Economic Indicators Dashboard – June 2016 Update – The volatility rollercoaster
The dominant story of the second quarter came right at the end: the decision on June 23rd by the voters of the United Kingdom to leave the European Union. With this unexpected and unprecedented decision, U.S. and global markets saw a spike in market volatility. At the same time the U.S. bond market rallied as investors looked for safety. However, despite the initial negative market reaction, U.S. equity markets finished the quarter up 2.6% as measured by the Russell 3000® Index. It is still unclear what the longer term implications of Brexit will be, and how this change will impact global markets in months to come.
All of these dynamics played out in the June edition of the Economic Indicators Dashboard.
Market volatility – Reflecting the greater risk of sudden market movements in either direction, the CBOE VIX index had quite a roller-coaster ride in June. It started the month at 14.42, close to the bottom of its historically typical range. On June 23rd, the day of the Brexit vote, the VIX spiked to 26 – hovering close to the top of this indicator’s historically typical range. As the initial shock of the Brexit wore off, the VIX settled back down to where it had been for most of April and May – around 17.77. The chart below shows the VIX level for Q2, with the clear Brexit spike, and then return to “normal” levels.
10-Year U.S. Treasury Yield – The yield on the 10-Year U.S. Treasury declined to 1.47% at the end of June, down from 1.83% at the beginning of the month, as global investors seeking a safe haven amidst the uncertainty of the United Kingdom’s decision to exit the European Union drove up prices. This is the continuation of the trend of historically atypical low yields, reflecting investor concern about lackluster global growth, low inflation, negative interest rates introduced by several countries, and uncertain central bank policies. Currently the U.S. Federal Reserve seems to have shelved the idea of near-term interest rate hikes, although Russell Investments still expects at least one rate increase before the end of the year.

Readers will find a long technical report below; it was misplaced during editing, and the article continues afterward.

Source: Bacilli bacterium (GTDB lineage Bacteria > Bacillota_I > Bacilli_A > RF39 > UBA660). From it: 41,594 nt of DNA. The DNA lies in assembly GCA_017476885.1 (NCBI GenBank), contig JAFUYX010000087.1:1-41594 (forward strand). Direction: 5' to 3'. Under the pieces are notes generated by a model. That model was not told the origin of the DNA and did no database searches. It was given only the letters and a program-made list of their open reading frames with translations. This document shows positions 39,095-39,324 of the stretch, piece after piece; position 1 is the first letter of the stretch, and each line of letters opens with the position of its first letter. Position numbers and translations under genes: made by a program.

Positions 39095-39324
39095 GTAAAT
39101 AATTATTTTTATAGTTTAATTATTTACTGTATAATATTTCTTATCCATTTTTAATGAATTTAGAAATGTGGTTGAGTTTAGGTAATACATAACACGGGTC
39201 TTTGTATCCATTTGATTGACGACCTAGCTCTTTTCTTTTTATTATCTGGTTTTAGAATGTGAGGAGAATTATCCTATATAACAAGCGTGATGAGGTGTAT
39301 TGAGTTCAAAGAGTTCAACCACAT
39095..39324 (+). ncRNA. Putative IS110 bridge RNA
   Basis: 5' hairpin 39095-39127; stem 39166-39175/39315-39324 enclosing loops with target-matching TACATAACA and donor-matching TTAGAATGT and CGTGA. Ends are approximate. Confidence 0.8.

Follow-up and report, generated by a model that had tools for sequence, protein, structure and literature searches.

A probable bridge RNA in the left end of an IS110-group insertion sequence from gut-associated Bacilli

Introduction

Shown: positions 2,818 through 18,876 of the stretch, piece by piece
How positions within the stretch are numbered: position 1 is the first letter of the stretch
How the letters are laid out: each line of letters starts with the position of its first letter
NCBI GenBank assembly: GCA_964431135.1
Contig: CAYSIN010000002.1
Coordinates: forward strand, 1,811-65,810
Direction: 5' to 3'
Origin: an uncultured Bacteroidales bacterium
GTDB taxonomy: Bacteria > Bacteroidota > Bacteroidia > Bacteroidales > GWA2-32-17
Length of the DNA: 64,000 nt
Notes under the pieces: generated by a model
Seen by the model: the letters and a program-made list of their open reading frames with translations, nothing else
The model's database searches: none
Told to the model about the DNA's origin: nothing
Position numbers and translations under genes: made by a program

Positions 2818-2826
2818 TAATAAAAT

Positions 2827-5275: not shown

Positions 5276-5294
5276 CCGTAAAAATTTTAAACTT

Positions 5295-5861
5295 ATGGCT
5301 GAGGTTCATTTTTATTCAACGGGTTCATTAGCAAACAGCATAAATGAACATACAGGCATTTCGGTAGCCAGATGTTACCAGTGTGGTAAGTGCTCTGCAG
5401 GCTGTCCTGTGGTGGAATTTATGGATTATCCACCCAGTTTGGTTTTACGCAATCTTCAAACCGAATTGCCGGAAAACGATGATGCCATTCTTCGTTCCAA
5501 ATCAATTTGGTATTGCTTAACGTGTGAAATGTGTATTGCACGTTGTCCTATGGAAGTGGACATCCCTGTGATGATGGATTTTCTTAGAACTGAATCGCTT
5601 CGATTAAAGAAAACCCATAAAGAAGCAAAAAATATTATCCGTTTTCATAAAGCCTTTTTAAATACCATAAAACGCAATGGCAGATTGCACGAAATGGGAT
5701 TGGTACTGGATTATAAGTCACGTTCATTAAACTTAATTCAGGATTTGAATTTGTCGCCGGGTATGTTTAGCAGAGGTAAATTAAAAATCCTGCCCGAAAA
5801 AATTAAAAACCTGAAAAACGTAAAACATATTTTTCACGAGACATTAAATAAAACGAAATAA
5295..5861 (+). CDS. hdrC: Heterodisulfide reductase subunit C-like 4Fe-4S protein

Consumer Sentiment (CSI) – The consumer sentiment index seen here is measured by the University of Michigan’s Consumer Sentiment Index. It is a national measure of how confident individual households feel about their own financial health, and the broad economy. At the end of June the index measured 93.5, and so far, year-to-date the index has generally trended upwards. The positive sentiment can likely be attributed to low unemployment, minimal inflation, and fairly cheap gas prices.
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